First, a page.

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Radical Philosophy Today

Volume 4, 2006

Philosophy Against Empire

Richard Schmitt
Pages 175-194
DOI: 10.5840/radphiltoday2006428

Can the Alienated Make a Socialist Revolution? Reflections About the Prospects for Socialism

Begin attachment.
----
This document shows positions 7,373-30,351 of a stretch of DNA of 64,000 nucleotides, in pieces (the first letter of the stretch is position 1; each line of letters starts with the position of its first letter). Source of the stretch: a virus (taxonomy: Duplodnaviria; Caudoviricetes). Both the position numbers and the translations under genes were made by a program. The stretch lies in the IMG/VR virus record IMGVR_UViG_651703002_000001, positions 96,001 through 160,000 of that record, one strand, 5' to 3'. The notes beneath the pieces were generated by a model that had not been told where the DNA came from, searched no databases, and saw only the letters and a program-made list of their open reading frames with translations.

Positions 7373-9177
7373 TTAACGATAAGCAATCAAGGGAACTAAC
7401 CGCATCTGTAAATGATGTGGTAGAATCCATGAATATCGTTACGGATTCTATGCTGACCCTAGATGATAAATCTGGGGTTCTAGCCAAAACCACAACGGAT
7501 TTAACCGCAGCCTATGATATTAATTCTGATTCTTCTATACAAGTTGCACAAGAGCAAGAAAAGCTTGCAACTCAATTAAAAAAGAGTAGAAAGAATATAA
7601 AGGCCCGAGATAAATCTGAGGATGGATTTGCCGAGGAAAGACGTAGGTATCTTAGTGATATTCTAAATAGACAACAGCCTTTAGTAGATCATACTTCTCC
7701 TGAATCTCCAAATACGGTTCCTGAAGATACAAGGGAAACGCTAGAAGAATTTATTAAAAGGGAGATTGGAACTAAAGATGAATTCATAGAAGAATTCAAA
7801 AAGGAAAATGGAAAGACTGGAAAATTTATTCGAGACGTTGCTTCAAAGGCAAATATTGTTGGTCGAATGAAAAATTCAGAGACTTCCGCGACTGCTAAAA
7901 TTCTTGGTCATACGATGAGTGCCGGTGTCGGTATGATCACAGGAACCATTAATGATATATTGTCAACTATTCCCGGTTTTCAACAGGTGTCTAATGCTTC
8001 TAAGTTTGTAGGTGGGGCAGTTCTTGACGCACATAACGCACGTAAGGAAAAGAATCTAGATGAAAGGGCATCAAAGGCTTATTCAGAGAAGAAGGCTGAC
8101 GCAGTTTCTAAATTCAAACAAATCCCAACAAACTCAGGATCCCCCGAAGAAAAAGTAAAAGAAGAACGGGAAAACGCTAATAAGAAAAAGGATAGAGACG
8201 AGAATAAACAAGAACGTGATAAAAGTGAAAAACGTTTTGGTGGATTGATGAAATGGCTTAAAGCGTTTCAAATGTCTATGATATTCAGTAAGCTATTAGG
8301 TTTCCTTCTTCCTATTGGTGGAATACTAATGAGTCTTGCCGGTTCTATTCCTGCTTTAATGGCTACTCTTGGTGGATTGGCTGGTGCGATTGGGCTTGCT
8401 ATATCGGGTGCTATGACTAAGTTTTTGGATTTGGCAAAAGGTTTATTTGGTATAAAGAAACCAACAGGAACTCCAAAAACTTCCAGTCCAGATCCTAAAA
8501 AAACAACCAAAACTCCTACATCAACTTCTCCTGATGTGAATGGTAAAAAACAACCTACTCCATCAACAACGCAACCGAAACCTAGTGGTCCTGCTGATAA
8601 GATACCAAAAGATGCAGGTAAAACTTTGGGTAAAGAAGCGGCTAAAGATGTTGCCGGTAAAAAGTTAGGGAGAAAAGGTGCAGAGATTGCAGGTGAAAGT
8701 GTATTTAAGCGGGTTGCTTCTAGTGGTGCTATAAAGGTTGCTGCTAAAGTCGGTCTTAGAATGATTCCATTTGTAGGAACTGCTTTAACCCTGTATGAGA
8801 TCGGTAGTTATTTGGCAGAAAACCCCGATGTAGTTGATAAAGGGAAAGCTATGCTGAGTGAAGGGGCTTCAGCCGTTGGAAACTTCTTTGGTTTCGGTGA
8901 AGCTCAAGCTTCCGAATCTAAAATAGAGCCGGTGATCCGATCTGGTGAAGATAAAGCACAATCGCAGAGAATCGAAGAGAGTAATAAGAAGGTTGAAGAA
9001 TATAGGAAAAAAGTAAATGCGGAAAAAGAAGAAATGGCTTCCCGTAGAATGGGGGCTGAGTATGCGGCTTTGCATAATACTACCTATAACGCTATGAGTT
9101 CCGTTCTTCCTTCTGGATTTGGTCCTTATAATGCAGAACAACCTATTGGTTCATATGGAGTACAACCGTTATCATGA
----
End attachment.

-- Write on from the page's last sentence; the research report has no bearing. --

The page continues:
Alienation is the name of the deformations of human personality produced by capitalism and, specifically, by wage labor. The alienated are powerless. That inhibits their self-esteem, and takes from them the direction of their own lives and the choice of their life values. They become passive bystanders to existence, distrustful of their fellows and motivated by the desire for gain. The alienated tend to be timid, morally indifferent, and ready to support great evil. Appearances are all that matters to them. They are resentful, conservative. Alienation itself becomes invisible. It unfits those who work for a wage from being active in the movements for social change from capitalism to socialism. The transition to socialism appears to become well-nigh impossible. The force of this argument is moderated by the fact that the conditions of wage labor are not uniform and alienation, and therefore are more severe for some workers than for others.

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